Ulley and its Church
In Roman times Ulley was the site of small enclosure and garrison on a road connecting Temple-borough with what we now call the A1 or Great North Road. The enclosure was at the highest point behind the present Village Hall and Royal Oak inn. Roman coins have been found in the area. There was a Roman pottery at the corner of Ulley Lane and Aughton Lane, Aston. There are signs of a track or road providing a direct route from Ulley to Rotherham.
The Saxons gave this place its name. Ulley means “the meadow where the wolf is”. A small community of people continued to live where the Romans had lived before. In the middle ages a chapel with a monastic cell was built on what is now the South East corner of the churchyard. It was served by a monk from Worksop Priory. It was also used as an inn or hostelry for travellers.
Some indication of the size and beauty of this chapel is given in the remaining fragments: a portion of its East window now preserved at the West end of the church and two stone faces now fixed on the inside walls of the church.These are easily distinguished from the four Victorian heads, previously on the bell turret, which are also preserved in the walls of the church.
After the Reformation in the sixteenth century, the chapel was converted into cottages. Part of these were excavated in recent times and show signs of domestic occupation. The chapel and cottages were demolished in 1850 when the present church was built.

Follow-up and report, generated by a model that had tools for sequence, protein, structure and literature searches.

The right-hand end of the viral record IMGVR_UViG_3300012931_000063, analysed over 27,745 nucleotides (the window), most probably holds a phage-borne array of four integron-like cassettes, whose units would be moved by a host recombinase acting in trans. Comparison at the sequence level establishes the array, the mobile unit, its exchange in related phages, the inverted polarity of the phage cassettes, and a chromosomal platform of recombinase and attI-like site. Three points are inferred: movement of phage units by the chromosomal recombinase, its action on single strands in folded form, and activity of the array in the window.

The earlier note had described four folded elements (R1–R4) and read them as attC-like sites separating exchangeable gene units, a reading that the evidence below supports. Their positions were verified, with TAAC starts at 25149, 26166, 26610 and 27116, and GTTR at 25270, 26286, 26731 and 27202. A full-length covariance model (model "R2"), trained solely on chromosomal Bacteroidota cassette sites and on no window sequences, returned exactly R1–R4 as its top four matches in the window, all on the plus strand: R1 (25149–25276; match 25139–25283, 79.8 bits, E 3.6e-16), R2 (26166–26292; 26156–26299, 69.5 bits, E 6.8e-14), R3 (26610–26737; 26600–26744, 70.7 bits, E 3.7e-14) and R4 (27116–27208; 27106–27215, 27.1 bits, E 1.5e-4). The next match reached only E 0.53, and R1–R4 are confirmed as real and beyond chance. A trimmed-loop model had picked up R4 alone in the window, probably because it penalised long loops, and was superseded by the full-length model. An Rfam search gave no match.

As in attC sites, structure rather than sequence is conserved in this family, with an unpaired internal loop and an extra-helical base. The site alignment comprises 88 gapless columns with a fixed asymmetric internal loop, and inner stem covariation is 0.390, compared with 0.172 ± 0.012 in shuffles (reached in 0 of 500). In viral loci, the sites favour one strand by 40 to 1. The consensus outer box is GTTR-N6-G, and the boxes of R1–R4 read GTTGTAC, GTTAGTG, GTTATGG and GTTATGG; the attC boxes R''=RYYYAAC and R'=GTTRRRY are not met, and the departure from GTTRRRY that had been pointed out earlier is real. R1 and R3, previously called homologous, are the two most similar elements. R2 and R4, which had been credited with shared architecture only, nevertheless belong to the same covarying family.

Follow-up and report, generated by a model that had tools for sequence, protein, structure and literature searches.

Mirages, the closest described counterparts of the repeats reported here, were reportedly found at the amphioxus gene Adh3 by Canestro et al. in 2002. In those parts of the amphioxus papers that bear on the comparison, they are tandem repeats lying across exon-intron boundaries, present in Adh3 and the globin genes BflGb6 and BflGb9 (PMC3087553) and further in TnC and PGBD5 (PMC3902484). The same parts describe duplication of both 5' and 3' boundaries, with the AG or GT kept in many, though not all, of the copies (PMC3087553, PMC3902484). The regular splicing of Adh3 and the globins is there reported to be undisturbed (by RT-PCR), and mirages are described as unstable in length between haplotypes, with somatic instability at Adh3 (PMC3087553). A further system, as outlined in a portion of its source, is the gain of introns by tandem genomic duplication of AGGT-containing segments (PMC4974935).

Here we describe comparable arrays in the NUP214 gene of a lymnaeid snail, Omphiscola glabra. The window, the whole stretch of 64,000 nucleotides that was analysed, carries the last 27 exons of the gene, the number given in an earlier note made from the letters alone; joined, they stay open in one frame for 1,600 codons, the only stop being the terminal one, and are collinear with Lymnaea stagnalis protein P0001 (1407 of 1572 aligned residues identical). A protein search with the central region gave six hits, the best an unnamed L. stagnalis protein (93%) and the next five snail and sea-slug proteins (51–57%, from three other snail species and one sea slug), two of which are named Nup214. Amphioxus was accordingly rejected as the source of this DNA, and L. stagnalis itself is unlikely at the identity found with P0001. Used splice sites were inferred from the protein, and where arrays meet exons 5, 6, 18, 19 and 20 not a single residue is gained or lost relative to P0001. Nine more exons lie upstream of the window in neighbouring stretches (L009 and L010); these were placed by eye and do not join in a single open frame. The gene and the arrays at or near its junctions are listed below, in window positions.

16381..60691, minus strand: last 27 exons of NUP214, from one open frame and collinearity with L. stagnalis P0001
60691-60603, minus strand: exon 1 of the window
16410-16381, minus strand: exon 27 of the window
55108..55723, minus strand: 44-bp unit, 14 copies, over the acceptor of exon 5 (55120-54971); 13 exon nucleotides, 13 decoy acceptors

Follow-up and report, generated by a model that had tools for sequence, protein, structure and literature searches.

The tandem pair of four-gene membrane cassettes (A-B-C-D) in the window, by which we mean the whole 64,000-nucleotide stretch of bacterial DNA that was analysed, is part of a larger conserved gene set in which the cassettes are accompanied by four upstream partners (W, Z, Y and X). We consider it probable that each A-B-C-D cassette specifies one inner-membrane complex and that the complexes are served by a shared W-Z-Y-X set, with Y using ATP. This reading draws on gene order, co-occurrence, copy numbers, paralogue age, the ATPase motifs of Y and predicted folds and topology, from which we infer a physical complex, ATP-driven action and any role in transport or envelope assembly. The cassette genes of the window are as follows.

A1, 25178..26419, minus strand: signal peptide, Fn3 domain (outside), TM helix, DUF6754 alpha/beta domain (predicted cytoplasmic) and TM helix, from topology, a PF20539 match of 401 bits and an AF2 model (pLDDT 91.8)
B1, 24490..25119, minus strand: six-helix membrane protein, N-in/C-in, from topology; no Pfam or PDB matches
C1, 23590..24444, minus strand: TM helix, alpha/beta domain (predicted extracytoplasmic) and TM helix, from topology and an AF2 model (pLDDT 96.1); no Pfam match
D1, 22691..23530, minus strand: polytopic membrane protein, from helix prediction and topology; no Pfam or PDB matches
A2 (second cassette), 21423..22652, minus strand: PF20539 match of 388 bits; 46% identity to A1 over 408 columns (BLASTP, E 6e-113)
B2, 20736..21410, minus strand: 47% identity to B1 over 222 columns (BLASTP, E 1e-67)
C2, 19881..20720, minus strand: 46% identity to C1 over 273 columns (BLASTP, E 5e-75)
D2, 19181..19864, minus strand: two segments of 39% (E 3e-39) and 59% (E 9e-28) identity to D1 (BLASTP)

In Victorian times the present church of the Holy and Undivided Trinity was built by Viscount Halifax (whose arms can be seen outside, above the South door of the chancel). It was consecrated in 1851 and the Townships of Ulley and Brampton (formerly parts of Aston, Whiston and Treeton) became a new ecclesiastical parish. Later Brampton became part of the new Parish of Thurcroft.
Viscount Halifax built the church in memory of his brother who was a close friend of John Henry Newman, an Anglican Priest who was leader of the Tractarian Movement which sought to remind the Church of England of its ancient Catholic heritage. Newman eventually joined the Roman Catholic Church and was made a Cardinal.
Ulley was one of the few Victorian churches specially built for Catholic worship centered upon the Holy Eucharist. It became a focal point in South Yorkshire of the “High Church Movement” at the end of the last century. There were riots and court cases which reflected the hostility between the “high” and “low” of the Church of England. All this is now in the past and Ulley church retains signs and symbols of its catholic past and present:
The Aumbry or sacrament House of the North side of the Sanctuary was designed by Sir Charles Nicholson and is a memorial to Father A. N. Vowler, priest of the parish from 1909 to 1922. Within it the Sacrament is reserved. Thre is a fine collection of Victorian Eucharistic Vestments, both copes and chasubles. Most of these were made locally and are still in use.